Little did James Madison know that if the Constitutional Convention could have just been delayed a couple of hundred years, he could have saved himself and his colleagues a lot of time. Instead of waiting weeks for crates of books sent from Paris by Thomas Jefferson, then studying those books to discover the weaknesses that ultimately destroyed the republics of history, Madison could have just Googled it.
In cooperation with Google Ideas, the Comparative Constitution Project has launched a site called “Constitute.” The purpose of the new venture is to make available the currently in force constitutions of over 160 countries around the world.
Anyone in the world may access these charters (searching by country name, for example), or users may select various topics and study their presence within the various governing documents.
The purpose of the creation of this database? According to the website:
New constitutions are written every year. The people who write these important documents need to read and analyze texts from other places. Constitute offers access to the world’s constitutions that users can systematically compare them across a broad set of topics — using a modern, clean interface.
As our own Constitution is judged by the caliber of men who crafted it, it would be likewise illuminating to learn the identity of the collaborators in the Constitute project.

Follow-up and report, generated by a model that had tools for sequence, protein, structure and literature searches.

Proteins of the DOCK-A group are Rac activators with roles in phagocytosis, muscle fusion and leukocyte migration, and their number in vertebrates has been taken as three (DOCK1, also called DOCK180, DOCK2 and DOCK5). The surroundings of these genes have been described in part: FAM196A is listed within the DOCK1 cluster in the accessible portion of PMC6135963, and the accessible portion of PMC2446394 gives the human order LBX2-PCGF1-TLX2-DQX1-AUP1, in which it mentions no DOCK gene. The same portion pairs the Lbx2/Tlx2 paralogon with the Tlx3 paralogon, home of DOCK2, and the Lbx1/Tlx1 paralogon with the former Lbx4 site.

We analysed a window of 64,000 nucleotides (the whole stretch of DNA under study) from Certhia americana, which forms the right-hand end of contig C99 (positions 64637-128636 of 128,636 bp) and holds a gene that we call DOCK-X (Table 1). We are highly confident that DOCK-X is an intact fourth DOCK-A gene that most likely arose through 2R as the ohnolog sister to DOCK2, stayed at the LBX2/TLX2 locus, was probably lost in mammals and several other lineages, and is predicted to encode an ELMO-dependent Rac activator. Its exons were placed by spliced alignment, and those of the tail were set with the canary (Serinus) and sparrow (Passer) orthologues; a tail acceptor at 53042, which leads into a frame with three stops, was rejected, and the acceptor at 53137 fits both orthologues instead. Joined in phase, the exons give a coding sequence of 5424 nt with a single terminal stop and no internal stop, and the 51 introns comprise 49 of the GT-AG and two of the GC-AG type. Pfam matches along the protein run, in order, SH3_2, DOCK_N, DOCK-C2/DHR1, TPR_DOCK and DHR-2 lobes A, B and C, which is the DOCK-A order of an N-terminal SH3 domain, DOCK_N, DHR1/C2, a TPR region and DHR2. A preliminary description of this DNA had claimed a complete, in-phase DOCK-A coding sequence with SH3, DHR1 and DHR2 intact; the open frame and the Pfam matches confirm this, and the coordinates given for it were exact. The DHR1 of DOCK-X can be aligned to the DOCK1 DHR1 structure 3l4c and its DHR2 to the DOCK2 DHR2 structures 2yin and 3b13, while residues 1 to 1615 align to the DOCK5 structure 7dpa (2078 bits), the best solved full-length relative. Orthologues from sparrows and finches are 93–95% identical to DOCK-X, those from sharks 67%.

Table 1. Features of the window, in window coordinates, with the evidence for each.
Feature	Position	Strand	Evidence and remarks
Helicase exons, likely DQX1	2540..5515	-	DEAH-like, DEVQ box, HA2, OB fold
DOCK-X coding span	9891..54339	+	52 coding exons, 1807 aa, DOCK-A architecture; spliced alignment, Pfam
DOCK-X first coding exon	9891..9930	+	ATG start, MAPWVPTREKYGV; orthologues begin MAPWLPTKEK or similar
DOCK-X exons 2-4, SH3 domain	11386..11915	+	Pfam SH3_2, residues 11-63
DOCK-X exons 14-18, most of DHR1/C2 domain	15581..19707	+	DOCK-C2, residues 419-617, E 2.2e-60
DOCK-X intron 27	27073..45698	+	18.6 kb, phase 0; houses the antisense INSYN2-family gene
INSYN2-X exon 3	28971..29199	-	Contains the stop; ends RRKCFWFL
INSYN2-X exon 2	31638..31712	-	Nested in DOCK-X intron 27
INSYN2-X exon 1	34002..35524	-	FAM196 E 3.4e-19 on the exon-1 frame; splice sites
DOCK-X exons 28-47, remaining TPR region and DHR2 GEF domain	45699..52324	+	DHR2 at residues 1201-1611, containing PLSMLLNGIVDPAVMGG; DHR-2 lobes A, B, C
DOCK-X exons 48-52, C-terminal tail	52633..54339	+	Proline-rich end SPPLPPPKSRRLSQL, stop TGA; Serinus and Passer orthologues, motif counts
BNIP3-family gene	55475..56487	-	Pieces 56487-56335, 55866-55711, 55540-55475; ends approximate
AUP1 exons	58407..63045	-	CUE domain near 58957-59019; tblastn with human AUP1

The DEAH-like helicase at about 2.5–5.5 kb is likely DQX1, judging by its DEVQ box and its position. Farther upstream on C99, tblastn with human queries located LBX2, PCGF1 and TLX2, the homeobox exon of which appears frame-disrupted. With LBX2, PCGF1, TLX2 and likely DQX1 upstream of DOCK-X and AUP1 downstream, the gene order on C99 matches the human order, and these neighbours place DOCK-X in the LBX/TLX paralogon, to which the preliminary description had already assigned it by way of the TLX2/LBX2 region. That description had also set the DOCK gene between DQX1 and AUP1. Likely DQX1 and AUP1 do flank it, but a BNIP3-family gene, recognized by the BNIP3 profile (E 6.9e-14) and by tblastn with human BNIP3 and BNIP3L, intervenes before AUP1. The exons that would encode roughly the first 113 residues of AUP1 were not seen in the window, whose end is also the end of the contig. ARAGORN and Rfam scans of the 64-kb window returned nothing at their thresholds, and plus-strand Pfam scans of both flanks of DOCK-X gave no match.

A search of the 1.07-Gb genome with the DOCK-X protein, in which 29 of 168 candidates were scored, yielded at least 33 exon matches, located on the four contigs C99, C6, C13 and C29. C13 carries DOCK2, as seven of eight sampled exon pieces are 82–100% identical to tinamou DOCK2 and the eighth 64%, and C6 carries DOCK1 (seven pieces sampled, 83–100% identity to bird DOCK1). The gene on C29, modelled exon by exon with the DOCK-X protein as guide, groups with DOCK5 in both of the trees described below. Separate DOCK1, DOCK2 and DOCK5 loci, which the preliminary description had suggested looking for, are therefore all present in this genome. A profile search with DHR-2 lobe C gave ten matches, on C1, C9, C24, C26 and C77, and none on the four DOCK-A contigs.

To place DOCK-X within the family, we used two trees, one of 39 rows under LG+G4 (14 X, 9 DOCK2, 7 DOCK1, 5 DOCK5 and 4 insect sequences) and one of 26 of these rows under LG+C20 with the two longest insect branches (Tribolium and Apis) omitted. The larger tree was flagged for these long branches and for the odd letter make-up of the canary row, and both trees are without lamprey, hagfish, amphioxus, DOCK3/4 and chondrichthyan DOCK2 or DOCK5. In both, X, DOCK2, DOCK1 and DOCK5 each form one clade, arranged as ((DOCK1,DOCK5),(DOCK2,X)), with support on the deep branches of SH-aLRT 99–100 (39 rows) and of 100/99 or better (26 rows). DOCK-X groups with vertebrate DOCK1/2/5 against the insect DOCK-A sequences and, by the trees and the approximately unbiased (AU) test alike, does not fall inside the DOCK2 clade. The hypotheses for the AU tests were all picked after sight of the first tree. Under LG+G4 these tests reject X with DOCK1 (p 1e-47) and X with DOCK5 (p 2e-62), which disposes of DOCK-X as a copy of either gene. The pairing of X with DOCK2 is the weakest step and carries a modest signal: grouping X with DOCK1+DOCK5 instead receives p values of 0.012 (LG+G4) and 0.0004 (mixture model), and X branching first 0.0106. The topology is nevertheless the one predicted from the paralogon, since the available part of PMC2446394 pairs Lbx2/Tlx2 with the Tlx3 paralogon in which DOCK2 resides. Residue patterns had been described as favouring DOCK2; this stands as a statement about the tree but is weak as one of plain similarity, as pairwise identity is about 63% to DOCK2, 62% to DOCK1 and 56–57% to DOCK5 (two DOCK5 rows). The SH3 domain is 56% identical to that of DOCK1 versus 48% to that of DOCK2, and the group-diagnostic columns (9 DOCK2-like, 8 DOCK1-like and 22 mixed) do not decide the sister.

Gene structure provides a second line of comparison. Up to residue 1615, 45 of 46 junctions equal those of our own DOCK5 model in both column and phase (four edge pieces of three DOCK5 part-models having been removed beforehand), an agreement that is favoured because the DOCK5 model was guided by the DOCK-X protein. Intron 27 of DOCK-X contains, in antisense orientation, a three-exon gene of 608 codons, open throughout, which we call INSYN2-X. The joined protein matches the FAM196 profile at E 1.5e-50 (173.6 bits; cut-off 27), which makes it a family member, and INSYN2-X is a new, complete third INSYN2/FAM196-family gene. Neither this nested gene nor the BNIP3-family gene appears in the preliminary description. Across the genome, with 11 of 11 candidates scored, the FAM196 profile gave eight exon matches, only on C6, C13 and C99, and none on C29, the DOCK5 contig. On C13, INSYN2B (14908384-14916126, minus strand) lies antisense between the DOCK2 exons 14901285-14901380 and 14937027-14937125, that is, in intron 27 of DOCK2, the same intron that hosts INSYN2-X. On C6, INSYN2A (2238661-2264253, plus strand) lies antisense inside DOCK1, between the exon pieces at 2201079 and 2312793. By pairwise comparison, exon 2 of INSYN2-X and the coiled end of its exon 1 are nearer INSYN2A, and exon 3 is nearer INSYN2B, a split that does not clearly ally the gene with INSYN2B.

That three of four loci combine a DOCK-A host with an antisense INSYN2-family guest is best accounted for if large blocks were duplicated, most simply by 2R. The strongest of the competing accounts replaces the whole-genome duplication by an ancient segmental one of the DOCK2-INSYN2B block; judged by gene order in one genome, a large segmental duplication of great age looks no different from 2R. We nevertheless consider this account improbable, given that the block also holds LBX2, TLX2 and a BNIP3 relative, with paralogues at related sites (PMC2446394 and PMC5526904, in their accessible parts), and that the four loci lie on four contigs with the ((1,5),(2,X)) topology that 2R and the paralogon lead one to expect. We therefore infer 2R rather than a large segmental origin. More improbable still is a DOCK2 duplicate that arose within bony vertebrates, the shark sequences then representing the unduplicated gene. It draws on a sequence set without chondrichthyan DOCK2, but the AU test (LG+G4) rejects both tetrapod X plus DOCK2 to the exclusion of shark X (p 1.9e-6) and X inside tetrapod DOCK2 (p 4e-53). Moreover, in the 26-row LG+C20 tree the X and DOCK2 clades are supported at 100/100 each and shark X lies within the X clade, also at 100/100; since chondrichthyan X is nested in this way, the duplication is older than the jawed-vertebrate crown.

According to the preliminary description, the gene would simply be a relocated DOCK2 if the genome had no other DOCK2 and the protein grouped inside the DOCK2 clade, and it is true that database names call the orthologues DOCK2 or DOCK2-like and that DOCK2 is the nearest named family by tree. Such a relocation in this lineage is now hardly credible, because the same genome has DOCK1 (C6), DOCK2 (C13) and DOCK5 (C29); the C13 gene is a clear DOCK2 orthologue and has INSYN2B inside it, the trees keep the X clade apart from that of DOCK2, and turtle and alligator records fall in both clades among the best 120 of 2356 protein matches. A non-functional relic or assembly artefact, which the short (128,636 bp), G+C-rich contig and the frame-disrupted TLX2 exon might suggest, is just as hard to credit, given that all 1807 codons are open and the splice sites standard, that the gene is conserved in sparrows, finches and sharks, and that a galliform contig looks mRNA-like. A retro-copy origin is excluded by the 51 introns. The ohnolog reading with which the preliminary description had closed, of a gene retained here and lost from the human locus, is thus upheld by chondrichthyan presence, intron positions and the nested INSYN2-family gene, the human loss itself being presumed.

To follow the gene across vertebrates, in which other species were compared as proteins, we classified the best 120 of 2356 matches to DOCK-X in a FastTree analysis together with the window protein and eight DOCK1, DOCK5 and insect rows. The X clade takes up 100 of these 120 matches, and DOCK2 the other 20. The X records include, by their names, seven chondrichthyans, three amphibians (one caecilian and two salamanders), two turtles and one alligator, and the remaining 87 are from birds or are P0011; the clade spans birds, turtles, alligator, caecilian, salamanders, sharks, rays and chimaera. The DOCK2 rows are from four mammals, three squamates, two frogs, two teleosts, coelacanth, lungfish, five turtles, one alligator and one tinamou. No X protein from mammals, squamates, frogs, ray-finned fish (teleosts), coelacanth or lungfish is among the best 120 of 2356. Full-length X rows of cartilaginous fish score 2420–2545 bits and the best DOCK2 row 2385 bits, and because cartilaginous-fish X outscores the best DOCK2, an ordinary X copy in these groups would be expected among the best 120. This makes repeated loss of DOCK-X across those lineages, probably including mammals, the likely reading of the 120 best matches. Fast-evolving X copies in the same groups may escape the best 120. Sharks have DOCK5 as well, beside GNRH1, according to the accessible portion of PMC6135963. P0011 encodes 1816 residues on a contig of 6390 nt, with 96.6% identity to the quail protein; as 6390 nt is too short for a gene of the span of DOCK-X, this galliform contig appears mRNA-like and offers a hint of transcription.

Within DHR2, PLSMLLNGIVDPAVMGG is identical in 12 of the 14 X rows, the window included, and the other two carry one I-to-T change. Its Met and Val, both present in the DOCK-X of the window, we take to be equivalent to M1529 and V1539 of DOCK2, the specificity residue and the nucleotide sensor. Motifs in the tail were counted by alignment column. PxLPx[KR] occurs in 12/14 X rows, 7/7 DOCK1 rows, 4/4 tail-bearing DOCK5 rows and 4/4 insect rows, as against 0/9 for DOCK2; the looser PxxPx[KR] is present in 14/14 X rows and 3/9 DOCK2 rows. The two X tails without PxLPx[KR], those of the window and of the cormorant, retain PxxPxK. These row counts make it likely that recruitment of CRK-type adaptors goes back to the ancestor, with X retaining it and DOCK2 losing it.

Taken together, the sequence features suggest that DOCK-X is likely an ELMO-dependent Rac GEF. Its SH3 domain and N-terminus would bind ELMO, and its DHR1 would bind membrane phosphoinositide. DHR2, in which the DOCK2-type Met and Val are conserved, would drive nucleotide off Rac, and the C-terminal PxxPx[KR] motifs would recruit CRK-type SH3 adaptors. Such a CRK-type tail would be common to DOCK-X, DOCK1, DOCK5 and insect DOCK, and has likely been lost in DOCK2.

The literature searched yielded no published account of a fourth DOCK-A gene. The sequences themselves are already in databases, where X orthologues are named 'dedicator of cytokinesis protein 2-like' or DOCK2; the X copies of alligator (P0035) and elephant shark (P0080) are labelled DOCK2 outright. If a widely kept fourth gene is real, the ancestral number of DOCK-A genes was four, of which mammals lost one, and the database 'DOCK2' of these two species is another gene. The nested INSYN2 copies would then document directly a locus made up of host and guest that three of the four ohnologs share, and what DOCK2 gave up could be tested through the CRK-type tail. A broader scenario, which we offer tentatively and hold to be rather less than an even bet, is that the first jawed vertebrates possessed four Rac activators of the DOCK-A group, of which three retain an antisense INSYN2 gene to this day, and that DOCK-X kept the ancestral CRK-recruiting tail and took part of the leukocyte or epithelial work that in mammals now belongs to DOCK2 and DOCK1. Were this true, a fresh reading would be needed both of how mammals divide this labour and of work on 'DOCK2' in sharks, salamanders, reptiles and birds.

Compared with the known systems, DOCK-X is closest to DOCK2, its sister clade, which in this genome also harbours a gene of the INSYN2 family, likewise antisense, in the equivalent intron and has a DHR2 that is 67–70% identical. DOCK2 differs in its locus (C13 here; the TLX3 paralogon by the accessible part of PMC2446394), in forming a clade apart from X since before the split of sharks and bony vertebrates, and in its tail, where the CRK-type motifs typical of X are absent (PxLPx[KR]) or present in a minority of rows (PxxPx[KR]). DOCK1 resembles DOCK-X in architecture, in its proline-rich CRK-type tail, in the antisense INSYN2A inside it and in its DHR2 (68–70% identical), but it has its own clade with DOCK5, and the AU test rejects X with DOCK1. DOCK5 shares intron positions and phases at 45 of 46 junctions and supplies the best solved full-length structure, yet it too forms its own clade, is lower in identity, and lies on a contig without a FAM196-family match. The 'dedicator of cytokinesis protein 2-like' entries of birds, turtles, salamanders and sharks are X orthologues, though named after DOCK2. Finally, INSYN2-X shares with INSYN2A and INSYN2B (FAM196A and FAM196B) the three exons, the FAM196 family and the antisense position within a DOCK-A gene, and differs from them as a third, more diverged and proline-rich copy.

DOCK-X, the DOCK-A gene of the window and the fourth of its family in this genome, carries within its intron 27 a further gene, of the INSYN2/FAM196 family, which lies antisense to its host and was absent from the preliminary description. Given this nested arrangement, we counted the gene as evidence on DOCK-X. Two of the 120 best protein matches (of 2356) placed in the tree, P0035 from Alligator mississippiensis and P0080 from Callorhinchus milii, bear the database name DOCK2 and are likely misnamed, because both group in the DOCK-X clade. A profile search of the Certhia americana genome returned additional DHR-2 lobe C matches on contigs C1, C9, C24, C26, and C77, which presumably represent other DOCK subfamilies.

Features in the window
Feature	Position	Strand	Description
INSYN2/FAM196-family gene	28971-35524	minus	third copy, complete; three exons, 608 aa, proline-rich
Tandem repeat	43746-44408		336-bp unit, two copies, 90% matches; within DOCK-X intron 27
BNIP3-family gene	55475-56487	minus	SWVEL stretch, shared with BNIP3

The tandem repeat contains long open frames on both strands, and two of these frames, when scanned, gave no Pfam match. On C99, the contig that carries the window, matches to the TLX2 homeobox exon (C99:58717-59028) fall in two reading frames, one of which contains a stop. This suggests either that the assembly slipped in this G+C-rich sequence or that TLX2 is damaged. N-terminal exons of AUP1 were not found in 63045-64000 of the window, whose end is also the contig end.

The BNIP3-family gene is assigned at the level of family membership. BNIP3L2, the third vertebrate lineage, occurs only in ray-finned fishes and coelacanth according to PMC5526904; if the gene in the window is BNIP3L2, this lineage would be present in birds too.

Under the title, “Who is Behind Constitute?” the following information is provided by the consortium:
Constitute was developed by the Comparative Constitutions Project. It was seeded with a grant from Google Ideas to the University of Texas at Austin, with additional financial support from the Indigo Trust and IC2. Semantic search components were created by the Miranker Lab at the University of Texas. Engineering and web-design support are provided by Psycle.
The following organizations have made important investments in the Comparative Constitutions Project since 2005: the National Science Foundation (SES 0648288, IIS 1018554), the Cline Center for Democracy, the University of Texas, the University of Chicago, and the Constitution Unit at University College London.
There are disturbing “democratic” elements evident in most of these contributing organizations.
The Indigo Trust, for example, is a U.K.-based group that funnels millions of dollars of grant money into developing the technological infrastructure of poor countries around the world. The Trust awarded $48,674 to the Constitute project.
In a blog post authored by Dr. James Melton and posted on the Indigo Trust website, the purpose of a constitution as described by Melton sounds distinctly democratic and very un-republican. Melton writes:
Constitutions are the foundation for government in virtually every society around the world. They simultaneously create, empower, and limit the institutions that govern society. In doing so, they are intimately linked to the provision of public goods. Outcomes, like democracy, economic performance and human rights protection, are all associated with the contents of countries’ constitutions. It is little wonder, then, that constitutions are often blamed for poor economic and political outcomes or that such outcomes commonly result in constitutional change. Both domestic and international actors view constitutional change as a means to spur economic, political and social development.